Canada and the European Union (EU) officially signed the Comprehensive Economic and Trade Agreement
(CETA) on October 30, 2016. The following day, Parliament
introduced the first reading of Bill C-30, An Act to implement the
Comprehensive Economic and Trade Agreement between Canada and the
European Union and its Member States and to provide for certain
other measures. CETA's principal goal is to reduce the barriers
of Canada-EU trade; it addresses tariffs, product standards,
professional certification, government procurement and
In order to implement CETA, Canada is required to make changes
to several federal acts, including the Patent Act and
Bill C-30 modifies the definition of geographical indications
(GIs) in the Trade-marks Act. It enables GI protection for
not only wine and spirits, but also agricultural and food products,
such as certain cheeses, oils and meats (e.g. feta). The Registrar
will be responsible for supervising a list of protected GIs, and
will restrict use of certain European GIs to products originating
from the European regions that the GIs are typically associated
with. Consequently, Bill C-30 allows for a GI opposition procedure
for those interested in objecting to the protection of particular
geographical indications. Any person interested may file a
statement of objection within two months after the Minister makes a
statement in respect of a GI published on the CIPO website and the
Registrar enters same on the list.
Furthermore, there will be import/export restrictions for
geographical indications: wines, spirits agricultural and food
products will be banned if they bear the GI and either 1) do not
originate in the territory indicated, or 2) do not conform to the
laws of the territory indicated. Bill C-30 offers owners of
protected GIs the option to file a Request for Assistance with the
Canadian Border Services Agency to help prevent the import of
counterfeit goods through the Intellectual Property Rights
CETA will affect the term of pharmaceutical patent protection,
as well as patent procedural rights. Pharmaceutical companies often
face delays with patents in getting regulatory approval, which lead
to lost patent protection due to the protracted development and
approval process. The Patent Act does not currently
moderate the lost patent protection due to delays; however Bill
C-30 will offer a certificate of supplementary protection. This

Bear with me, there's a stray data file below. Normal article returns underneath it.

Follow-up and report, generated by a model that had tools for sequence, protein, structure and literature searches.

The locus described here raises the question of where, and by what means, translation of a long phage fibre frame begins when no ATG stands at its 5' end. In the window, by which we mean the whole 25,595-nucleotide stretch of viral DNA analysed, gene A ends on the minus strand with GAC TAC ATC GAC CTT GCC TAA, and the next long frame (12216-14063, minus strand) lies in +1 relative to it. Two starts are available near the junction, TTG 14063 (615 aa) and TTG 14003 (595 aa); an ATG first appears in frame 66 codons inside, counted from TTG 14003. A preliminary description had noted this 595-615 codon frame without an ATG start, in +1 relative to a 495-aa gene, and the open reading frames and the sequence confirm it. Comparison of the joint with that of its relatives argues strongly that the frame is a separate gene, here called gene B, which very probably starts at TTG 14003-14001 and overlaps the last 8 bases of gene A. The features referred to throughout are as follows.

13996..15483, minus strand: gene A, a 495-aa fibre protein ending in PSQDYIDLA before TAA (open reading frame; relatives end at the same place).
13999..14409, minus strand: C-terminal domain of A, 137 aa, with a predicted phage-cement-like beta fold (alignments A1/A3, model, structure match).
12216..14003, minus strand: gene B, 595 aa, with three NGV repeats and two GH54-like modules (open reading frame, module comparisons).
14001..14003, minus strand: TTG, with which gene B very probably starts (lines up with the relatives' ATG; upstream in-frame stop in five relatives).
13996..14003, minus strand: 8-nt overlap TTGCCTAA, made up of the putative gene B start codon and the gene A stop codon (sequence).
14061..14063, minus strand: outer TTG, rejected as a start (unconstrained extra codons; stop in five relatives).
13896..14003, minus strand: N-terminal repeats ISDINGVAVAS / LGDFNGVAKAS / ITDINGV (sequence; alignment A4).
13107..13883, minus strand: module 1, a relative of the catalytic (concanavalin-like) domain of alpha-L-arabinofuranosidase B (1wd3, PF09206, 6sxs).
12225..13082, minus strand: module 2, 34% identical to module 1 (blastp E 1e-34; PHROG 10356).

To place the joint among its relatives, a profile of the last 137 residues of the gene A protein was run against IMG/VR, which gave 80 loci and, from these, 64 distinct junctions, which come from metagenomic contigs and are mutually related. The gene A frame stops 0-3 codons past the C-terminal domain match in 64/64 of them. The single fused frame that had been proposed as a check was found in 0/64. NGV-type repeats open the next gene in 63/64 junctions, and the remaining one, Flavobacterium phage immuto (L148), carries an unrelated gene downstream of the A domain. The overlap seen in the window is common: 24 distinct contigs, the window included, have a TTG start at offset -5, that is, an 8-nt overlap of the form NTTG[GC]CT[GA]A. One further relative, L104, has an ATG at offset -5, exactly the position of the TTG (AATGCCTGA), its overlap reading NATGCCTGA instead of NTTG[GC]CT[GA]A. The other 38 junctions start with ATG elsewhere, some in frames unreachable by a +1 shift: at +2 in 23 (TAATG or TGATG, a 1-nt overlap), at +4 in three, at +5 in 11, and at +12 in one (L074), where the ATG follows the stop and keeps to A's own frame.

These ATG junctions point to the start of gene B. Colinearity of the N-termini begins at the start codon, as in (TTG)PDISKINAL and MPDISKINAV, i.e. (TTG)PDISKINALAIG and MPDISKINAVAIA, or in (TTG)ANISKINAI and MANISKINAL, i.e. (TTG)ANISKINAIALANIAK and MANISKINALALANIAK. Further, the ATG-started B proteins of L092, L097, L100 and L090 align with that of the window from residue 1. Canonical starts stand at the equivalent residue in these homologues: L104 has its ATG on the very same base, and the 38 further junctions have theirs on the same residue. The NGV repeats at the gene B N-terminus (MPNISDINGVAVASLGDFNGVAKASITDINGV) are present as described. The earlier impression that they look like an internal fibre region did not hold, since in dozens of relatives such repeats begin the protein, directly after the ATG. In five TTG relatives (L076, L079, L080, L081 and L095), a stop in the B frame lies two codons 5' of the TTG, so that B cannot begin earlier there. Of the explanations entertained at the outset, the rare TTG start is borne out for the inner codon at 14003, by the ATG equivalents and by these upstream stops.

certificate provides patent term restoration for a maximum of two
In addition, CETA will provide an innovator right of appeal
under the Patented Medicines (Notice of Compliance)
Regulations (NOC Regulations). The NOC
Regulations link patent protection and regulatory approval for
pharmaceutical products. Linkage proceedings provide innovators
with an avenue to prevent generic drug manufacturers from obtaining
regulatory approval if same would result in patent infringement.
Since CETA requires the effective right of appeal to linkage
proceedings, the NOC Regulations will require
modification, which will be enabled by Bill C-30's amendments
broadening the governor in council's regulation-making
An overhaul to the NOC Regulations proceedings would be
possible with the expansion of regulation-making powers, which
would have a significant impact on pharmaceutical patent
litigation. For example, duplicate litigation, which stems from
summary, non-binding determinations under the current NOC
Regulations might see its last days if the NOC
Regulations permit full actions and final determinations. This
means that innovators will be able to access full appeals like
those in regular patent actions.
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guide to the subject matter. Specialist advice should be sought
about your specific circumstances.
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Materials from a recent "refresher training" for examiners at the Canadian Intellectual Property Office (CIPO) highlight inconsistencies between CIPO's examination practices and Supreme Court precedent.
In this recently reported decision, the Court granted Apotex leave to deliver Fresh as Amended Responding Statement of Issues for the reference into AstraZeneca's damages or Apotex's profits, following the Court's decision that the ‘693 Patent is valid and infringed by Apotex.
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